“What books have you read in the last year?”

Notice that this question is very different from “what do you like to read?” Asking what books they’ve read in the last year is quite specific and may offer some quick insights into your candidate.

You could also ask:

“Which books do you plan to read in the next few months?

How about:

“What blogs and web sites do you read on a regular basis?”

Again, you’re narrowing in on specific areas of interest.

Additional questions could be:

“Are you taking any online courses? If so, what subjects are being covered?”

“Do you go online to research new areas pertaining to your skills? If so, tell me how you go about that?”

You could ask the very simple and direct question:

“Do you enjoy reading?”

It’s quite possible your applicant just doesn’t like to read. Is that a deal breaker? That would be up to you, but the candidate who enjoys reading and does so to enhance their skills and their enjoyment of life is, in my humble opinion, in better shape than the candidate who just doesn’t enjoy reading at all.



To see how our employee test can help you bring better people on board watch this three minute video.

How Important Is a Smile?

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I read a great article today from Dan Waldschmidt. Dan also wrote a very different type of business book called Edgy Conversations: How Ordinary People Can Achieve Outrageous Success. I’m enjoying the book and highly recommend it.

Here’s an excerpt of Dan’s article on “smiles”:

A smile can change the course of an entire day for you. One kind word from someone you respect can brighten your outlook and enrich your ability to perform at a higher level.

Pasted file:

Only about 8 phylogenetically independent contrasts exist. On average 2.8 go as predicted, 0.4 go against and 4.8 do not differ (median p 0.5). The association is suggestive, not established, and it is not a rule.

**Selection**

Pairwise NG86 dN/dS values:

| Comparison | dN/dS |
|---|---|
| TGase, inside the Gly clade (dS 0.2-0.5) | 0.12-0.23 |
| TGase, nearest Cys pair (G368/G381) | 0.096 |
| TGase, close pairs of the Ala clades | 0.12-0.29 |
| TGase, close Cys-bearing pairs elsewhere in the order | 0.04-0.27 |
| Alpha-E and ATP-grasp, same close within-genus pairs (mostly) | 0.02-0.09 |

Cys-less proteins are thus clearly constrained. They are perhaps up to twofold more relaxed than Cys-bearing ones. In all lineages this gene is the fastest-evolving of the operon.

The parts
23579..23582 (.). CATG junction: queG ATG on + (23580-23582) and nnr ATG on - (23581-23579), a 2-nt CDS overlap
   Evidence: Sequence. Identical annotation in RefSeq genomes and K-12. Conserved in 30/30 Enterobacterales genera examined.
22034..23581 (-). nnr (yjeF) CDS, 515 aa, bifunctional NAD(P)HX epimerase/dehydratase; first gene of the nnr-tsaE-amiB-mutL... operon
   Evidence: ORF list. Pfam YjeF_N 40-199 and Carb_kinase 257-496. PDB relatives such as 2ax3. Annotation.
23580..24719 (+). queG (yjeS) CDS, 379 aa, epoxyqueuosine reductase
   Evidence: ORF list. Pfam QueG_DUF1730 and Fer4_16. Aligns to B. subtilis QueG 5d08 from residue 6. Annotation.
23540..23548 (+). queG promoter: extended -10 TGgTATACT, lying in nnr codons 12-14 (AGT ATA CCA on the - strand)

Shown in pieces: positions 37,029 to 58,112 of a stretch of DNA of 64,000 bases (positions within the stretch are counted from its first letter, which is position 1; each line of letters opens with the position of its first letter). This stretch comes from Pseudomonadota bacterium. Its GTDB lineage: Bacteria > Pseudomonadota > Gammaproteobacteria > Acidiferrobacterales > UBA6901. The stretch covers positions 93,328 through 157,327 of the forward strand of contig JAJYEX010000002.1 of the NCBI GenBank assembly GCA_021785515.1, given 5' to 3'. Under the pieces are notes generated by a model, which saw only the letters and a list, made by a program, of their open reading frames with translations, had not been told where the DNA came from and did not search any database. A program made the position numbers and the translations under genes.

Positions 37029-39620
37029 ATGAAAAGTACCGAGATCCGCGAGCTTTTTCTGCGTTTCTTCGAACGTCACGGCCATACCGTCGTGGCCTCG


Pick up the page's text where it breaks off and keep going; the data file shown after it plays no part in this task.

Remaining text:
It’s true for you. It’s true for the people you work with, go to church with, play sports with, and those you just happen to bump into from time to time.

A smile goes a long way.

For you and for them.

While you are strategizing ways to develop better leaders and empower your workforce, don’t overlook the impact of team members who know how to smile.

I agree with this 100%. A smile can cut through a room filled with tension; a smile can sometimes blow away a person’s irritation; a smile can even make a person feel safe.

I could go on about what a “smile” can do but I think you get the idea.

So how is this a Hiring Tip?

Well, if I’m making a decision on a position and I have two people who are both equally qualified for the position, I’m going to hire the person who is free with their smiles.

Look, I realize I may sound a little light in the head on this one. After many years of interviewing thousands of people—add to that years of delivering personality tests that helps companies hire the right people—well, I’ve learned a few things about who’s going to outperform the next guy.

So, put me on record: I’ll take the person who smiles with ease. I know they are in better shape than most and I know they’ll infuse a better attitude around them.



To see how our employee test can help you bring better people on board watch this three minute video.

Tell Me About Your Fellow Employees


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We’re all familiar with the employee who far too often criticizes other employees.

Here’s an example from Alice:

“You know, I’ve been wanting to tell you something about Mary but I’ve hesitated because I didn’t want to seem like I was complaining about her.”

“Oh, what’s up with Mary?”

“Well, she isn’t doing what she’s supposed to be doing. She spends a lot of time chatting with others and I think she’s doing other things on her computer besides work-related things.”

“Well, thanks for the heads up, Alice.”

Then, a few days later:

“I think I should also tell you Frank might be taking supplies home with him. I saw him put something in his pocket just before leaving the office.”

And a week doesn’t go by when Alice doesn’t point out something real or imagined that is not quite right with her co-workers.